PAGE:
• Environmental Services Industry- A family-operated gas station hired a UST contractor to remove two underground storage tanks and associated contaminated soil. During the course of storage tank removal, the contractor’s backhoe hit a natural gas pipeline causing an explosion. Claims exceeded $2.5 million
  • Environmental Services Industry-Failure to Report Release-During remedial activities at a Superfund landfill site, a remedial action contractor (RAC) inadvertently crushed several drums that were improperly classified as “empty.” As a result, several gallons of hazardous contents were released, causing localized soil contamination. The RAC failed to notify the EPA of the release, which resulted in both criminal and civil actions against the contractor. The RAC was held liable under CERCLA, and was required to pay penalties exceeding $6.1 million.
  • Environmental Services Industry-Building Collapses-A remediation contractor excavated a small underground diesel tank near a distribution warehouse and noted that stained soil surrounded the tank. The project manager advised the firm to continue excavating around the tank, which pulled up the contaminated soil. Because of the foundation’s proximity to the distribution center, the excavation of contaminated material without proper shoring equipment caused the building’s wall to collapse. The distribution center’s walls and roof also collapsed. Reconstruction costs, business interruption, lost profits and additional remediation expenses totaled $1.2 million.
  • Environmental Services Industry-A family-operated gas station hired a UST contractor to remove two underground storage tanks and associated contaminated soil. During the course of storage tank removal, the contractor’s backhoe hit a natural gas pipeline causing an explosion. Third parties filed bodily injury claims against the contractor, as well as the owner whose building was destroyed in the explosion. Claims exceeded $2.5 million.
  • Environmental Services Industry-Hazardous Air Emissions-An environmental firm was operating an incinerator to burn hazardous waste at a remote site. Due to cold, inclement weather at the project site, a makeshift tent was constructed to enclose the incinerator, on-site equipment and office space. When a power failure caused the incinerator’s air pollution control equipment to shut off, a plume of hazardous air emissions entered the tent. Personnel from various on-site subcontractors were subsequently overcome with fumes and required medical attention. Settlement costs amounted to $635,000.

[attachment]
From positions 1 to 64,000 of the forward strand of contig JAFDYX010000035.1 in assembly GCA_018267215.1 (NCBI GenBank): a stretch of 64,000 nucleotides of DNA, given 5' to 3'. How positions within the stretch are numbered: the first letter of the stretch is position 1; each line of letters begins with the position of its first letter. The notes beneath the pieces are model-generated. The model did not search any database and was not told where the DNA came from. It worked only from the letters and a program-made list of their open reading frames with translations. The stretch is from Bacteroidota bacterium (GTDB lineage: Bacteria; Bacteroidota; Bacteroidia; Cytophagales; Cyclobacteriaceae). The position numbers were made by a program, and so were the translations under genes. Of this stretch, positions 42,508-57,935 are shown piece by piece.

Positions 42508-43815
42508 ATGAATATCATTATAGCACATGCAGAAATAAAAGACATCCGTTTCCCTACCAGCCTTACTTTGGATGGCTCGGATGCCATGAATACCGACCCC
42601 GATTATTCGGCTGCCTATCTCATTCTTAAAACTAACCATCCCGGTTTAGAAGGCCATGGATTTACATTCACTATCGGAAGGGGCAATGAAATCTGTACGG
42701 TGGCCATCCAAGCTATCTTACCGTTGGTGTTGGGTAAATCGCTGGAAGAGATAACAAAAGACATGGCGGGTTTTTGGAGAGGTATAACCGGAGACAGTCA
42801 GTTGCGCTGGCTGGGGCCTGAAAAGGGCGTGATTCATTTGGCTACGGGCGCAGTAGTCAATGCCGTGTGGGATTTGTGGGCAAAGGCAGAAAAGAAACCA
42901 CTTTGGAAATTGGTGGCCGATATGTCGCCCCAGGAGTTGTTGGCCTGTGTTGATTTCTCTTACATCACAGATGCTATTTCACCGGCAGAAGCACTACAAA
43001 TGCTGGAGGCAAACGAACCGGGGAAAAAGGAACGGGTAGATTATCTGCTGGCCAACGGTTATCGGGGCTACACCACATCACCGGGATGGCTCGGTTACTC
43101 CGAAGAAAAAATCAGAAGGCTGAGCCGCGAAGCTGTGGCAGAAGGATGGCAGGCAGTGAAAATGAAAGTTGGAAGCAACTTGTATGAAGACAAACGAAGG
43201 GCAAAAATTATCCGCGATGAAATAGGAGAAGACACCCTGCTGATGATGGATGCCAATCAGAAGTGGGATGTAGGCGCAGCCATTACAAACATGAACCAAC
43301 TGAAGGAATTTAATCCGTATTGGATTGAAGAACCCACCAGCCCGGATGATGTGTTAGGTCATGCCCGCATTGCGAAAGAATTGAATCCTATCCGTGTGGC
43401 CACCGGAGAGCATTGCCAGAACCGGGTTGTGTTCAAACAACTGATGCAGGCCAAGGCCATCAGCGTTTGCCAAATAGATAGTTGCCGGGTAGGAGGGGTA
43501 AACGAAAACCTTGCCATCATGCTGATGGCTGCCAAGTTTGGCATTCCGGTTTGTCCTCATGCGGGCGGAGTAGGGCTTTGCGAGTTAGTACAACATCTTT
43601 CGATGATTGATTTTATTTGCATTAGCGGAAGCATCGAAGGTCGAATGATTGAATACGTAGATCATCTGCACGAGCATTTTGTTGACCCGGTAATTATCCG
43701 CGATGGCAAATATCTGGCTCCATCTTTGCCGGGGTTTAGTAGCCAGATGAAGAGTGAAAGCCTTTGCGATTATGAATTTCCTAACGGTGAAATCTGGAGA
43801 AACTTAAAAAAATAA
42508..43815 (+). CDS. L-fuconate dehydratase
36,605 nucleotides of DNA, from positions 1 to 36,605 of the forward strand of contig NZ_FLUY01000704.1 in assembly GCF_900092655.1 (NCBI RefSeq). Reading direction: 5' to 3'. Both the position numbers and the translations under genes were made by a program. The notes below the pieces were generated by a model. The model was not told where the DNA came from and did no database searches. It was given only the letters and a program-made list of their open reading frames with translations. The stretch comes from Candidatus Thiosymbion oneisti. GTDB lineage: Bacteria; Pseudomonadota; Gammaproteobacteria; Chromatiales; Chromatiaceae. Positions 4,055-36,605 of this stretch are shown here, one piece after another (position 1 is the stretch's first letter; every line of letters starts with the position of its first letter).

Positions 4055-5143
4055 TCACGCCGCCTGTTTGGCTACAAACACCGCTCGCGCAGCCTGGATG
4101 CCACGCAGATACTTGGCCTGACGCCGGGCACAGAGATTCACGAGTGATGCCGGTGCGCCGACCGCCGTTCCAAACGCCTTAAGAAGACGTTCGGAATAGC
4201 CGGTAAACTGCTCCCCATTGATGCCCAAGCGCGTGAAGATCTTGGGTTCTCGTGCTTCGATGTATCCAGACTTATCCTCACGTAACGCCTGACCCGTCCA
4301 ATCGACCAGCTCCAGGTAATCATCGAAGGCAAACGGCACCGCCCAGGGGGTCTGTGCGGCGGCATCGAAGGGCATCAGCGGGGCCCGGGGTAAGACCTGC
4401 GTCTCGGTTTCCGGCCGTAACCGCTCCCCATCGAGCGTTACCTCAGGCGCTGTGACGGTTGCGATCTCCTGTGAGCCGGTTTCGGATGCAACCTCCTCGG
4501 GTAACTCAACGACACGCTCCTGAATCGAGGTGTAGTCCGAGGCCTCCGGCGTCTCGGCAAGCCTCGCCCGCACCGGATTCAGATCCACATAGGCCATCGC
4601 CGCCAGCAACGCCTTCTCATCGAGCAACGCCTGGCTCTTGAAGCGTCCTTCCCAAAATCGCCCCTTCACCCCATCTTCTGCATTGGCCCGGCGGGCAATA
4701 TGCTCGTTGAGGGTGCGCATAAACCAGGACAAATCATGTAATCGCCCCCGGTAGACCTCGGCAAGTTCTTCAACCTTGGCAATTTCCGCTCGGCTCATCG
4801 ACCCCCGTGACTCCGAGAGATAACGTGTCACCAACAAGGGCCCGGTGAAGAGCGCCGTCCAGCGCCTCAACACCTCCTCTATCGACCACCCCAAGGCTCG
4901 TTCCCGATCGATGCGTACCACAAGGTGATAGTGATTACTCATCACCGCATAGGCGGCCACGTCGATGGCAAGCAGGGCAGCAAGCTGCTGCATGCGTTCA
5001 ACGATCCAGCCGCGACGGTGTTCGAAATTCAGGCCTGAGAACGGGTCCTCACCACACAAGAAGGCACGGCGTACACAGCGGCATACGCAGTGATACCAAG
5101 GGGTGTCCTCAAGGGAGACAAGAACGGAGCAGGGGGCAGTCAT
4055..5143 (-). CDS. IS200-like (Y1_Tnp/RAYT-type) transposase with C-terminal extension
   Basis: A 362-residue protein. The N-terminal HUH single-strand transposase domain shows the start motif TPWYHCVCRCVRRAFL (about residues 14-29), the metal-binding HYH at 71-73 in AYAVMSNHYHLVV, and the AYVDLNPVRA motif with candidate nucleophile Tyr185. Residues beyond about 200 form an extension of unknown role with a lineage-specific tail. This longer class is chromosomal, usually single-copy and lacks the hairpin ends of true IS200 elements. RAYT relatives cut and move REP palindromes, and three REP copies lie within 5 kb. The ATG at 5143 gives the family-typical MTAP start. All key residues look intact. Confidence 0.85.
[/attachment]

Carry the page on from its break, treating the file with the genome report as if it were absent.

• Environmental Services Industry – An industrial cleaning contractor vacuumed contents of large storage tanks at a chemical plant. In the process of venting the tanks, the contractor inadvertently pumped toxic gas into the space. Several of the facility’s employees were overcome and died from the fumes. The contractors CGL policy declined the claim citing the pollution exclusion in the policy. Their CPL policy declined due to the Action Over exclusion.

 

While the coverages we offer are designed to address these general issues, we make no guarantee or warranty that any individual policy we offer will respond to all issues as described herein. Please refer to the actual policy wording in each offered form to determine coverage applicability and acceptability. In the event your client applies for coverage and we offer terms, please review those terms carefully to determine if all of your client’s exposures are being addressed. In some instances, more than one policy or type of coverage may be necessary.